Alexander Bridge on the climate emergency and elections: “Today we’re witnessing the collective, angry voices of young people and children worldwide. All demanding immediate environmental policy reform and change. Whether the discussion is global warming, climate change, pollution, fossil fuels, single-use plastics, these young people have recognized that in this global society our generation has failed them. ”
After narrowly escaping a potentially fatal accident Alexander Bridge calls for action on a deteriorating road system in rural Nova Scotia.
Letter of concern by Guysborough resident (and frequent NS Advocate contributor) Alexander Bridge, re this year’s glyphosate spraying program, in Guysborough County and elsewhere, announced earlier this summer. “As a resident of Boylston, Nova Scotia, allow me to share my concerns and extreme disappointment with our provincial government’s weak forestry regulations.”
Guysborough resident Alexander Bridge worries about safety and emissions of the planned Goldboro LNG plant.
People in Guysborough County continue to push for a more open and democratic council. On April 18th the Guysborough Communities Coalition met with the Warden to once again ask for changes in the way council conducts its business. Warden Pitts indicated he will get back to the group. We will keep you posted.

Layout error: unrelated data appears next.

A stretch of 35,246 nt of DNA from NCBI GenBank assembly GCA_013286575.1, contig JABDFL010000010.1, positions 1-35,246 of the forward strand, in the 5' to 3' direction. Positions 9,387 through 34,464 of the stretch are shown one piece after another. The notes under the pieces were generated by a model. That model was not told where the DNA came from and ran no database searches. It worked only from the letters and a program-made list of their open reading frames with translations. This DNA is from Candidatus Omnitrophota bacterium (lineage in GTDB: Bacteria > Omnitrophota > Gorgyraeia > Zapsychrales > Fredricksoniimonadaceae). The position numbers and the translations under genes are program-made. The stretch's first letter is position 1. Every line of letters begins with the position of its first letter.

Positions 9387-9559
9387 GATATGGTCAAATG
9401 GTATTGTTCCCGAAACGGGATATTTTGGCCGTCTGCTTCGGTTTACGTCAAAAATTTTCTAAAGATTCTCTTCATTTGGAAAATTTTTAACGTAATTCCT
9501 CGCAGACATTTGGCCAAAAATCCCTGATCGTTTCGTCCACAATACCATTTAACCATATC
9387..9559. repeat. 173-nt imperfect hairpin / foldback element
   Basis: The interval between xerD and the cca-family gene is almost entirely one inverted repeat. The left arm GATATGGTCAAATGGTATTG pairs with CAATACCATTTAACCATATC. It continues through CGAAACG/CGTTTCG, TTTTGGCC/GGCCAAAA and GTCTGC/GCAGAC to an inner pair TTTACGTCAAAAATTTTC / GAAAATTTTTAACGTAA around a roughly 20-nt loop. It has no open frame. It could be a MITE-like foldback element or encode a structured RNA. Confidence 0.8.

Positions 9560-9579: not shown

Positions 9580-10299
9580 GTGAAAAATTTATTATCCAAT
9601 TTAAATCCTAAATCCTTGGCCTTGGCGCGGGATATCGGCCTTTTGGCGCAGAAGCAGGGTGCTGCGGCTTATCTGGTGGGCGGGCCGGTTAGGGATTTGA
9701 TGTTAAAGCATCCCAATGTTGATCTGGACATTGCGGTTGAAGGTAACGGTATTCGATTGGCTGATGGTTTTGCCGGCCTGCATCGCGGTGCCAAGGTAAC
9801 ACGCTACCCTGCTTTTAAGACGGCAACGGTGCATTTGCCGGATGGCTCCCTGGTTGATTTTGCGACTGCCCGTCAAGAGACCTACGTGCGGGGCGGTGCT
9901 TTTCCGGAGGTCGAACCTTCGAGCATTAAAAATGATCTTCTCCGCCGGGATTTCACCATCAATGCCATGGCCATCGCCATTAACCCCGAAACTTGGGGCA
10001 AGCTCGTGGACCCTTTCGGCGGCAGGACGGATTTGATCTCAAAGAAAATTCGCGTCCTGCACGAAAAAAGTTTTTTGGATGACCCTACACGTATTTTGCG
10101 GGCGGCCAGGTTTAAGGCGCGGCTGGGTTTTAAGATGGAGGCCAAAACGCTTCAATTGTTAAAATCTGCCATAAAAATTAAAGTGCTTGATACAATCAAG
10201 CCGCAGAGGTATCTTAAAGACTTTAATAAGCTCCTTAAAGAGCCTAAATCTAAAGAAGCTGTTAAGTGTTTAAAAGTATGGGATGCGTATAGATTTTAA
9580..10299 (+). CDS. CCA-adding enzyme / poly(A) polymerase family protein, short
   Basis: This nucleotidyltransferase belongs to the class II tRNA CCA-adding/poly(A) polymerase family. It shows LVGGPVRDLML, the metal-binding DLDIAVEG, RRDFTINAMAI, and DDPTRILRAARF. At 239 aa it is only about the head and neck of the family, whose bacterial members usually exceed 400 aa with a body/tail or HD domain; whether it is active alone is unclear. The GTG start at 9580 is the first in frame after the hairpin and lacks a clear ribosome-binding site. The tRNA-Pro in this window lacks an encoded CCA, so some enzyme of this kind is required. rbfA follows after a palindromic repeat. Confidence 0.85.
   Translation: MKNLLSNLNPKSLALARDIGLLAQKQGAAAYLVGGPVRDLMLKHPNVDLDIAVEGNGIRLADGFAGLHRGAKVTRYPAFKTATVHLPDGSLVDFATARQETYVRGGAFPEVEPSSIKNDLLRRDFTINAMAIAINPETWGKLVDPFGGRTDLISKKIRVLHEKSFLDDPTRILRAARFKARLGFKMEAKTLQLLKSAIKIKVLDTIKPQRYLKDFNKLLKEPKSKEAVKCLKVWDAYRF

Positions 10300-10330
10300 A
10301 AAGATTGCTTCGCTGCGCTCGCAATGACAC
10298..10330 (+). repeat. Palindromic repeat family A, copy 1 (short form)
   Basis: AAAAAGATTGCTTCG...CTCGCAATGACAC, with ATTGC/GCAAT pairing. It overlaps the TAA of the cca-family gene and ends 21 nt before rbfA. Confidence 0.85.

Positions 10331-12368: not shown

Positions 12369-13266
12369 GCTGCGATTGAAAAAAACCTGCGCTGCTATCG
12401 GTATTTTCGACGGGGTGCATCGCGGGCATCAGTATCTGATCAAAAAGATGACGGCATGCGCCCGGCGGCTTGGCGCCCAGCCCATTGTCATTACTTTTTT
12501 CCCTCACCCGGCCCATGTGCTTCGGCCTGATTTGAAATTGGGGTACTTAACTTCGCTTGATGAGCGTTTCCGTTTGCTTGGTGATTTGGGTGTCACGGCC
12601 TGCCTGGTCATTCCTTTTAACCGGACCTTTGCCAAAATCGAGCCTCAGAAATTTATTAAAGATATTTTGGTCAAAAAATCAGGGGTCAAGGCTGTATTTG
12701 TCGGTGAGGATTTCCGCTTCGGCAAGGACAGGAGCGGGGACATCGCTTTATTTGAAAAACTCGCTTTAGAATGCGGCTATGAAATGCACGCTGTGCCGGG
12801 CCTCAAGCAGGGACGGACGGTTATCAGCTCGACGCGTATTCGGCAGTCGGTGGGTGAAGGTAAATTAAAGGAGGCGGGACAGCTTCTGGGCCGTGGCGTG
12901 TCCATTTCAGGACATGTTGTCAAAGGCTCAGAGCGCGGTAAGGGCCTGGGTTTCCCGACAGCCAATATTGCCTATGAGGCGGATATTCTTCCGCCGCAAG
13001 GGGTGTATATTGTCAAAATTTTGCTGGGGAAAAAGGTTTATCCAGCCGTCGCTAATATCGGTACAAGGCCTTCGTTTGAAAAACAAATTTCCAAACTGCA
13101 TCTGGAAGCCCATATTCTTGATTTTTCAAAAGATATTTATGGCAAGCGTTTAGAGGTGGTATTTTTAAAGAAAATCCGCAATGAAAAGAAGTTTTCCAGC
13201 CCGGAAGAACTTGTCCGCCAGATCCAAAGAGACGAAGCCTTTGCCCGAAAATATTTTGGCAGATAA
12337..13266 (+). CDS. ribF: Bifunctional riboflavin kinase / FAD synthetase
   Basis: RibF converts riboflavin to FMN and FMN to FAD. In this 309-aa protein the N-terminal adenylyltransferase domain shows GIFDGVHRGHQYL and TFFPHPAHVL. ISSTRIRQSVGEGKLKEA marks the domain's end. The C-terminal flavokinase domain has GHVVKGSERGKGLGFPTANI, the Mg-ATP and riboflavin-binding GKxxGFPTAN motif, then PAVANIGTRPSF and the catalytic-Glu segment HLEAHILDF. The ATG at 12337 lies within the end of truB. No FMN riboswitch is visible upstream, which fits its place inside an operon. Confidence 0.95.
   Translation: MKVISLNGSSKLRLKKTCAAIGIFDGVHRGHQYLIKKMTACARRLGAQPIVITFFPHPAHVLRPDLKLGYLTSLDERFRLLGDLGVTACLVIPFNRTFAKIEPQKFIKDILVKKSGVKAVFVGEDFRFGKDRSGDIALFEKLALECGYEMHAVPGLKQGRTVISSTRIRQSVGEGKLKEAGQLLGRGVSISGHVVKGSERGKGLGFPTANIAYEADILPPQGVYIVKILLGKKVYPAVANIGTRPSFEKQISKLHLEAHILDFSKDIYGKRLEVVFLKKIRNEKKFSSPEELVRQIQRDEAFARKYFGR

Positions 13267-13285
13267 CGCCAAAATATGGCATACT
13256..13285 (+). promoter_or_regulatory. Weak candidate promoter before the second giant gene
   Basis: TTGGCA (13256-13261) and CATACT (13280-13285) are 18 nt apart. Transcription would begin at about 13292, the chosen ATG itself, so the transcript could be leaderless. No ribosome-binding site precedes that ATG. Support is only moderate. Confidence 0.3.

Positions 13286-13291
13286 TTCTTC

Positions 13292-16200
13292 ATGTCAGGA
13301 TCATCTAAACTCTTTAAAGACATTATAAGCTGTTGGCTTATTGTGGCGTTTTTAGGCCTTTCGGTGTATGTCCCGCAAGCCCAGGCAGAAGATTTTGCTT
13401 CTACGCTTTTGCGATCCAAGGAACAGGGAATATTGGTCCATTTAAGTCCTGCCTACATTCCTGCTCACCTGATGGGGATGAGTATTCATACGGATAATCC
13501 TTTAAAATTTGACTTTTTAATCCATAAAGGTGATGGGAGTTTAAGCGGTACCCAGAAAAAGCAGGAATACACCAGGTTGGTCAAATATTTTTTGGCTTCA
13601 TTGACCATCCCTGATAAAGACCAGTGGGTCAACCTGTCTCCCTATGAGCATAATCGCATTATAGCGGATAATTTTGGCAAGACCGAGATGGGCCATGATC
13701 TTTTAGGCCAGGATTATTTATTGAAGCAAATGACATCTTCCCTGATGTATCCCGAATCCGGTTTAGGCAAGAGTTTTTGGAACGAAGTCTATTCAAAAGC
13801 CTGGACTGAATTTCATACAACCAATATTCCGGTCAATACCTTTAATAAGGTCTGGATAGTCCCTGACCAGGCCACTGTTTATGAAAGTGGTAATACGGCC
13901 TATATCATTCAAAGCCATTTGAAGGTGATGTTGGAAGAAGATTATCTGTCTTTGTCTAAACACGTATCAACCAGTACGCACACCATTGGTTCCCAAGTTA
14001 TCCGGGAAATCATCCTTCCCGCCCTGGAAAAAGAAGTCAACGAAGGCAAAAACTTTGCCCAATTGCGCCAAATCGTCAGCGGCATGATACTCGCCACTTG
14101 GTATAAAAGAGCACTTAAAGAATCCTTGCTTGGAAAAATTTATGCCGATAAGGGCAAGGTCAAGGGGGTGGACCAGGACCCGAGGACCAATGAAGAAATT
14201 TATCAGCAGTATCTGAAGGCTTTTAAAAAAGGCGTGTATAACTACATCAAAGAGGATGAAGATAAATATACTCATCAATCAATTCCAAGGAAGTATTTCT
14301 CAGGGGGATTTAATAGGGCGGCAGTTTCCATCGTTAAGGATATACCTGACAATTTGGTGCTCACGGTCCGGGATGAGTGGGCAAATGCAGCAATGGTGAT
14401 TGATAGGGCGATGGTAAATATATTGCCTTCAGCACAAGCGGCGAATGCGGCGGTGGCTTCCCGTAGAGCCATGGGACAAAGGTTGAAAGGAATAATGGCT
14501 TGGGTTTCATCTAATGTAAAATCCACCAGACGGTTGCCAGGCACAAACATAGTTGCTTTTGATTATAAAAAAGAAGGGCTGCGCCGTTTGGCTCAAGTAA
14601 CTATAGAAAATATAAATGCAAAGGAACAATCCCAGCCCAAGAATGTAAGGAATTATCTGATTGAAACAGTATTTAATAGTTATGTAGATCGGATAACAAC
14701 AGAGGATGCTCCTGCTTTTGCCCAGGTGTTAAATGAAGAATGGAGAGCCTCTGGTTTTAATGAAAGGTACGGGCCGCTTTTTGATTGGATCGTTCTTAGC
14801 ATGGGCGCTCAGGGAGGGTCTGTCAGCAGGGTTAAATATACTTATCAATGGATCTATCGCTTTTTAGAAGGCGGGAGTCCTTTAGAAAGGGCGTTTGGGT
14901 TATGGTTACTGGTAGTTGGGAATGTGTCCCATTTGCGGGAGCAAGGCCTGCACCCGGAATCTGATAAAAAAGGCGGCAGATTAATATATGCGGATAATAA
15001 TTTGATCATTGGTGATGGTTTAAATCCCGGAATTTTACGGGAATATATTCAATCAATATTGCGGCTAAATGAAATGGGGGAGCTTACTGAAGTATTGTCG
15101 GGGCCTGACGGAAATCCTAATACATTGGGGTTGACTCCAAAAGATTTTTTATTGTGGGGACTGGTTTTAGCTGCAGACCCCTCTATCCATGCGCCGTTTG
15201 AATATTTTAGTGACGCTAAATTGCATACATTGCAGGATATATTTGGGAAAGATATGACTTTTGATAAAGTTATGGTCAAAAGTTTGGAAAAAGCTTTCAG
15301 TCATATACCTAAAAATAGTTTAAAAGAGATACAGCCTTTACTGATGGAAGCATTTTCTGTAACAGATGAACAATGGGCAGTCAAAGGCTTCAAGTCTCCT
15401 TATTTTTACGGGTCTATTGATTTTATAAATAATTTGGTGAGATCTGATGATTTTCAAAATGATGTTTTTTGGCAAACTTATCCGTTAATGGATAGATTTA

Our Guysborough correspondent Alexander Bridge reports on a heated Guysborough District council meeting after he and others had the audacity to submit a petition asking for town hall meetings with their elected representatives. I already talk to you at the grocery store, what do we need town hall meetings for, asked one councillor.
“Commercial forestry is much like fracking, given that the public had limited knowledge or understanding of either industries,” staff at Port Hawkesbury Paper recently told Guysborough District councillors! Our Guysborough correspondent Alexander Bridge sends this report.
Quite a few Guysborough residents have been unhappy ever since the Municipality of Guysborough asked the Province to lift the fracking moratorium, writing letters, some of which made it into the Nova Scotia Advocate. Now a Town Hall meeting with a local councillor drove the message home. New contributor Alexander Bridge reports.